Understanding ISO – Beginners’ Tutorial

If you’re new to photography, you might be wondering what ISO is, and what difference it makes to your photos.

ISO numbers are a gauge of film or sensor sensitivity. The higher the number, the more sensitive your camera’s digital sensor is to light. This can be useful if you are shooting a moving subject, or shooting handheld. However, those high ISO numbers come with a high cost… the higher ISO you use, the more noise (digital) or grain (film) your photo will have. Yuck!

Here is a demonstration of what effect your ISO choice will have on your photo:

Here is a 1:1 full pixel crop so you can see the noise caused by high ISO more clearly.

These images were shot on my Canon 550D, which actually performs with remarkably low noise for ISO 1600 and below, as compared to my old Canon 350D. But nonetheless, I always shoot with the lowest ISO possible. I only ever venture above this setting when I really need the light and can’t open my aperture any wider or afford to use a slower shutter speed.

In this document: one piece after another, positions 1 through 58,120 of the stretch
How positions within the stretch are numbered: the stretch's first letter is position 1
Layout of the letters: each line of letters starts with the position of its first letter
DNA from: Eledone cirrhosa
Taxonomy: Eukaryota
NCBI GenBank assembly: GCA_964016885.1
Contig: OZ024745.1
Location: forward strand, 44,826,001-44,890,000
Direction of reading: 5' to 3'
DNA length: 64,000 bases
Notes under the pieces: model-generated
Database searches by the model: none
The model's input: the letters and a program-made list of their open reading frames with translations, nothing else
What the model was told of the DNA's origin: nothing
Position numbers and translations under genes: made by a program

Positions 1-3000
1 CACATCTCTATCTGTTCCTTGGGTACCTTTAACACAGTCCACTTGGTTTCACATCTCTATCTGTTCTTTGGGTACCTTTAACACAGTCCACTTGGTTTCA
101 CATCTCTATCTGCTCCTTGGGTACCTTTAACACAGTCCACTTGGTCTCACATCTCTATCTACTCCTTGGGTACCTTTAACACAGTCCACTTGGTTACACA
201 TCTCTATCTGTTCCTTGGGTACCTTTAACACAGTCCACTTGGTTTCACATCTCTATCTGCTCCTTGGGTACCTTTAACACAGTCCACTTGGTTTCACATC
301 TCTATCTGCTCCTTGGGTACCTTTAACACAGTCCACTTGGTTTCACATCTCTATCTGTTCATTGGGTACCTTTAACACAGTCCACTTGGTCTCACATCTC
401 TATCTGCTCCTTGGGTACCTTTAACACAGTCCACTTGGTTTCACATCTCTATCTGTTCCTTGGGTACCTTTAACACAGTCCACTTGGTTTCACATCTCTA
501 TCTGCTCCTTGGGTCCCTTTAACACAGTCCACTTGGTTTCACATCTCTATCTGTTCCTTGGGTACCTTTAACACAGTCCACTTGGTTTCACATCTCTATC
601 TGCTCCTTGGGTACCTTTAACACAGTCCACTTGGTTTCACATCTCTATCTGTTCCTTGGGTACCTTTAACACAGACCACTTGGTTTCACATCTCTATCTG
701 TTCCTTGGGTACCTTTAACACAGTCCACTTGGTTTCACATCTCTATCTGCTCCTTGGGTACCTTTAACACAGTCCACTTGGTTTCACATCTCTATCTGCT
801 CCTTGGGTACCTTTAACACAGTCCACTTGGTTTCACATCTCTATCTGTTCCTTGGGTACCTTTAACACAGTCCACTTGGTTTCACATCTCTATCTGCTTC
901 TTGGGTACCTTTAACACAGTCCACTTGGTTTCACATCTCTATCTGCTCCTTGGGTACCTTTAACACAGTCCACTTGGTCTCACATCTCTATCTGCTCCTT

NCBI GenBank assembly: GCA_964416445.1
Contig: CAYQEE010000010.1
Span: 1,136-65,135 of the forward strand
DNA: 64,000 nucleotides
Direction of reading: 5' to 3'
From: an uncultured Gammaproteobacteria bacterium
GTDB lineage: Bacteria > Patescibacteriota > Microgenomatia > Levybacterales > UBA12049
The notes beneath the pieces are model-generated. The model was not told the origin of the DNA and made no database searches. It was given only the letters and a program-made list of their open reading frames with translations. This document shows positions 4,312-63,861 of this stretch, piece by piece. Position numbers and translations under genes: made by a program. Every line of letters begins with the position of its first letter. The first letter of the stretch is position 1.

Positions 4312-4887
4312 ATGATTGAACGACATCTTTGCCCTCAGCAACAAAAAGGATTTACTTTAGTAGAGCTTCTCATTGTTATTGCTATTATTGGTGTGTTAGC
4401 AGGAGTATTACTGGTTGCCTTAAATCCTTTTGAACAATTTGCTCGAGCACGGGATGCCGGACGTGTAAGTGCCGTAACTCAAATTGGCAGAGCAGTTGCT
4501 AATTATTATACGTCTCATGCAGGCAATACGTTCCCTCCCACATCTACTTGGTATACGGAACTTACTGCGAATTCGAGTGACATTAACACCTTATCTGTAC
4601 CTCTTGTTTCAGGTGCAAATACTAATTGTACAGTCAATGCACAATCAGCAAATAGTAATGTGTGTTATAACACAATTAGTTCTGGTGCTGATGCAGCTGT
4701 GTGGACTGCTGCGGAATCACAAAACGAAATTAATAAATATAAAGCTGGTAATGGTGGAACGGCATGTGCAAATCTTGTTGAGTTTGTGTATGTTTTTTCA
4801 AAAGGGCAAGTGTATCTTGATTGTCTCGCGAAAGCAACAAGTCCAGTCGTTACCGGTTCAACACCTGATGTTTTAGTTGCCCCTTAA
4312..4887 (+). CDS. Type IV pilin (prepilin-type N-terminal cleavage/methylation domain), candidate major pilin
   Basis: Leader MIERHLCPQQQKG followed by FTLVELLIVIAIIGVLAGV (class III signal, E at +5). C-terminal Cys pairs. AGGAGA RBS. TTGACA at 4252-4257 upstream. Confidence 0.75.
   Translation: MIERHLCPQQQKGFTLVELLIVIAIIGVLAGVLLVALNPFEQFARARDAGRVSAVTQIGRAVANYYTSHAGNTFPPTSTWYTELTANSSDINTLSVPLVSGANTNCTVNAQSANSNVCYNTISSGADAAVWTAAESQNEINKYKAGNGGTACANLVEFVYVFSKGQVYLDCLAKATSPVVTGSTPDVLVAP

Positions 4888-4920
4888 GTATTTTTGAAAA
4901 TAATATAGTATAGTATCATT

There are a few film purists out there who actually like the grittiness of old ISO 1600 film in certain types of photos… But there aren’t many of us shooting on film, and I’ve yet to meet someone who claims to like digital camera noise! Of course there are times and places where noise is less noticeable, such as the night sky (my example photos may have been a bad choice for this reason) since the noise is easily camouflaged as distant stars, and indeed high ISOs are popular among astrophotographers (for the obvious reason of being more sensitive to light)

I hope there are a few of you out there who are still new enough to photography to have found this tutorial helpful. I realize it’s not really a tutorial in the strictest sense of the word, since I’m describing something more than detailing the process of how to do something… but if anyone is reading this and is unsure how to change your camera’s ISO, please comment below with your camera make and model and I will give you detailed instructions for taking control of your ISO.


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